The Edifice Complex: How the Rich and Powerful--and Their Architects--Shape the World

The Edifice Complex How the Rich and Powerful and Their Architects Shape the World A provocative look at architecture exceptionally intelligent and original Jonathan Yardley The Washington Post Book World Deyan Sudjic probably the most influential figure in architecture you ve neve

  • Title: The Edifice Complex: How the Rich and Powerful--and Their Architects--Shape the World
  • Author: Deyan Sudjic
  • ISBN: 9780143038016
  • Page: 158
  • Format: Paperback
  • A provocative look at architecture exceptionally intelligent and original Jonathan Yardley, The Washington Post Book World Deyan Sudjic probably the most influential figure in architecture you ve never heard of argues that architecture, far from being auteur art, must be understood as a naked expression of power From the grandiose projects of Stalin and Hitler toA provocative look at architecture exceptionally intelligent and original Jonathan Yardley, The Washington Post Book World Deyan Sudjic probably the most influential figure in architecture you ve never heard of argues that architecture, far from being auteur art, must be understood as a naked expression of power From the grandiose projects of Stalin and Hitler to the theme park excess of today s presidential libraries, Sudjic goes behind the scenes of history s great manipulators of building propaganda and exposes Rem Koolhaas, Frank Gehry, and other architects in a disturbing new light This controversial book is essential reading for all those interested in the power of architecture or the architecture of power A Washington Post Book World Best Book of the Year

    157 Comment

    • Paul says:

      This is part architectural history, and part gossip column. I'm about half way through it, and so far it has proven interesting. There's some very good information about architecture in Fascist regimes, and some juicy dish on the starchitects.

    • Lars Williams says:

      This is a well-written book on a fascinating subject. I came to it after reading Zola's 'The Kill', which is set against the backdrop of the Haussmannisation of Paris, Napoleon III's use of architecture as an expression (and possibly instrument) of political power. Tyrants like to build big. This book looks at the relationship between architecture and power, mostly 20th century, from Hitler's plans for Berlin, via Stalin's Russia, through to modern-day China. There is also an unexpectedly intere [...]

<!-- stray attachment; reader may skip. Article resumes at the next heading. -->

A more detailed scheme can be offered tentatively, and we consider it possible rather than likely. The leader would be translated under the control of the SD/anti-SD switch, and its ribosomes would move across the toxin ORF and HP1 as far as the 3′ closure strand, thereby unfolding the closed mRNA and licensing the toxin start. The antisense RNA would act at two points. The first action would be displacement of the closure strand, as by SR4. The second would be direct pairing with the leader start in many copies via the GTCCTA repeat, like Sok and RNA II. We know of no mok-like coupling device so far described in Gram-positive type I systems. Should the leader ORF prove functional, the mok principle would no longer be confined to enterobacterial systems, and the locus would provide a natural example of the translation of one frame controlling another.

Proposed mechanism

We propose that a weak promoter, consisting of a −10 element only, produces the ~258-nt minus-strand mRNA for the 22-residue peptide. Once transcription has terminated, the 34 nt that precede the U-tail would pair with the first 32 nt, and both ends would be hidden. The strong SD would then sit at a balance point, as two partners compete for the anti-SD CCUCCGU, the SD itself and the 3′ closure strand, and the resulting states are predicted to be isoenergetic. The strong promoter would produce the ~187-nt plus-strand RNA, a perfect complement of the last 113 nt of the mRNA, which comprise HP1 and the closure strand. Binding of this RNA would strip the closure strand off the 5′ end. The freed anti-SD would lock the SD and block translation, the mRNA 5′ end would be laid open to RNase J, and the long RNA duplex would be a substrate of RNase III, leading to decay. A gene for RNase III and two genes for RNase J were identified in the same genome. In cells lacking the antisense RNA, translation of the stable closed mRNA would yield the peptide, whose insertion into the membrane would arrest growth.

• Todd Jenkins says:

      A fascinating look at the interconnections between political power and the use of architecture to reflect and enhance that power. Beginning with Saddam Hussein's Mother of All Battles Mosque and then reaching back to Albert Speer's work for the Nazi regime, Sudjic deftly analyzes the use of architecture to reflect the goals, personalities and attitudes of those in power. Normally I don't care whether books are illustrated, but this one would have benefited greatly from the inclusion of photograp [...]

    • Ugh says:

      This is not a flawless book. Given its subject matter, it was ironic that I could discern no coherent structure, in terms of an argument or even just an approach to dealing with the subject that began in one place and progressed through a discernable route to a climax. The book reads more like a collection of loosely connected magazine features, which perhaps shouldn't be a surprise given Sudjic's history as the Editor of architecture magazine Domus. But it just didn't matter. I found the topic [...]

    • Hadrian says:

      Extremely interesting premise - architecture as expression of and means of demonstrating power. Analyzes a wide range of colorful, megalomaniacal figures. I had to refer to google to find pictures of some of the relevant buildings, but aside from that, a very well-done book.

    • Liza P. says: